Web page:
Along with noting these great teachers, Brown considers Paulinus—a new entry for many of us—who wrote an annual poem for the Festival of St. Felix. Paulinus’s poetry stressed the “mystical symbiosis” between rich and poor. His exposition of the parable of the rich man and Lazarus is presented as an alternative mode of social relationships—the rich man might have escaped punishment had he given alms to Lazarus instead of being totally absorbed in himself.

This testimony to the gospel’s radical claim on money was intense and constant, according to Brown’s narrative. But of course there was a vigorous countertheme as well. Not surprisingly, Augustine lived in a world of social realism and judged that such a radical posture was unsustainable in a church peopled by the wealthy. He transposed the issue of “rich and poor” into “rich and wise,” so wealth itself did not come under judgment as it did in the passion of Ambrose and the asceticism of Jerome. What mattered to Augustine was the deployment of wealth in a way that could be good.

This departure should be noted for what it is: a characteristic move in the church’s long history of accommodation. Brown comments: “Augustine rendered wealth unproblematic because its origins were held to be opaque. Like grace itself, wealth was a phenomenon Augustine had removed from human scrutiny.” In keeping with Augustine’s familiar categories, pride, not wealth, was the problem. This interpretive maneuver sounds like a later maneuver by Calvin, who accommodated his mercantilist constituency by approving the charging of interest on loans.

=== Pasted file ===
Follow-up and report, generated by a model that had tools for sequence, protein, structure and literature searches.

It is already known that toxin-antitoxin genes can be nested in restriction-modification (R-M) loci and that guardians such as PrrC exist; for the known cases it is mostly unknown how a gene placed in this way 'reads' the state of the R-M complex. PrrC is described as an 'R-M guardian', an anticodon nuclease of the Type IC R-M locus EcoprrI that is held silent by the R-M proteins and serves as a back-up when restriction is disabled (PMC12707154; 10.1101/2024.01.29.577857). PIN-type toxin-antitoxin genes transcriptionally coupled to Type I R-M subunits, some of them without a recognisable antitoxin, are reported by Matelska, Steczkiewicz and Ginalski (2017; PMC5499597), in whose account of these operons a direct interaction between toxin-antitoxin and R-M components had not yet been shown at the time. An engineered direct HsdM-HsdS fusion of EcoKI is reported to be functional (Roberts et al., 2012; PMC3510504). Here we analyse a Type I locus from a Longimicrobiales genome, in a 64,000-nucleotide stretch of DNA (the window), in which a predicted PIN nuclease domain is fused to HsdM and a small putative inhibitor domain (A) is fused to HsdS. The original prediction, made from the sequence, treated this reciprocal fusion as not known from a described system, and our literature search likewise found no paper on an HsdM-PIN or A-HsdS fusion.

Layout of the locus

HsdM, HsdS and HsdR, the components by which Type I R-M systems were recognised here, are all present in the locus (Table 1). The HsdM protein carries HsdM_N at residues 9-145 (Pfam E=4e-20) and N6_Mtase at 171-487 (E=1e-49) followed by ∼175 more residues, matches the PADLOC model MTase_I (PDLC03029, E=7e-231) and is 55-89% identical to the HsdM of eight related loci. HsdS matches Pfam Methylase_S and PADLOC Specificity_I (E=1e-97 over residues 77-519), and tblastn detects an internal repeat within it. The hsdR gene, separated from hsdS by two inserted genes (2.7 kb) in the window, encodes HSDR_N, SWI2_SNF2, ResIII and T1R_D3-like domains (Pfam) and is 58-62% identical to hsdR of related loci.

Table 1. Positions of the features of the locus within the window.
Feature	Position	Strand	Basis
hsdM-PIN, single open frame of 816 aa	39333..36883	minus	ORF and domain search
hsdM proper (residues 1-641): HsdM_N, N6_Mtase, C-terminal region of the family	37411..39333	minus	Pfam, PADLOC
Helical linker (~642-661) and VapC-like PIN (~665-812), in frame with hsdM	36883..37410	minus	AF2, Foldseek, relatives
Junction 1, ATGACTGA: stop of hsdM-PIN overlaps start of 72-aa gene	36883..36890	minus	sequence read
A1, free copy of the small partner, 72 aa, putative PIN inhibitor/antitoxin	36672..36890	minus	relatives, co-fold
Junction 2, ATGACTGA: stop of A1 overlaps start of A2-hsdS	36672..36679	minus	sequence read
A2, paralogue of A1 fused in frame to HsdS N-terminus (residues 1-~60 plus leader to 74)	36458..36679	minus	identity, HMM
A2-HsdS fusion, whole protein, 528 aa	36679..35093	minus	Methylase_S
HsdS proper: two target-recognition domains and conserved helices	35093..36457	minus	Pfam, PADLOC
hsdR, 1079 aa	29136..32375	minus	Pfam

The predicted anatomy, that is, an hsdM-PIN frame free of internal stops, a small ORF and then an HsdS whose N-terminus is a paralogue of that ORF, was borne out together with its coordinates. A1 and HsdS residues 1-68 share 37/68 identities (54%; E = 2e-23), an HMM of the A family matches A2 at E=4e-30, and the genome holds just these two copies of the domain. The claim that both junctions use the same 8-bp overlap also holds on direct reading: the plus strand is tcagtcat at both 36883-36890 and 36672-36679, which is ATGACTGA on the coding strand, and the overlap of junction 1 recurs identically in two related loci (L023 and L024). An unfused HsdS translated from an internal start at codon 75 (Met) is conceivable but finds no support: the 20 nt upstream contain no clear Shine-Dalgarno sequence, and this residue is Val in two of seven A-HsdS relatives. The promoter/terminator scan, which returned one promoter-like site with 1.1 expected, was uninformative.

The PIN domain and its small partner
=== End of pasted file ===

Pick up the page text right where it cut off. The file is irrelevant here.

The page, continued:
As Brown nears the end of his chronological period, he demonstrates the way in which the weight of wealth decisively moved the church toward an accommodationist perspective. While the great teachers and bishops summoned believers to radical obedience, in the long run that radicality was siphoned off into an effort for “the next world.” With considerable theological support, the wealthy turned their attention from the materiality of social relationships to a spirituality for the next life. Priests were made other by celibacy, by different appearance, and by being cast in a zone apart from materiality.

One can see in Brown’s narrative that the disputes of the fourth century stand between the old civic generosity and a new concern for otherworldliness. Perhaps that transitory radicality could not be sustained. But it has bequeathed to the church a “conglomerate of notions” that link the wealth of the church, the care of the poor and the fate of the soul.

These ancient issues continue to haunt the church. There is still a needle’s eye and a host of camels in waiting. Reading Brown’s elegant review requires hard work, but such hard work may give us critical perspective on our own too-easy accommodations.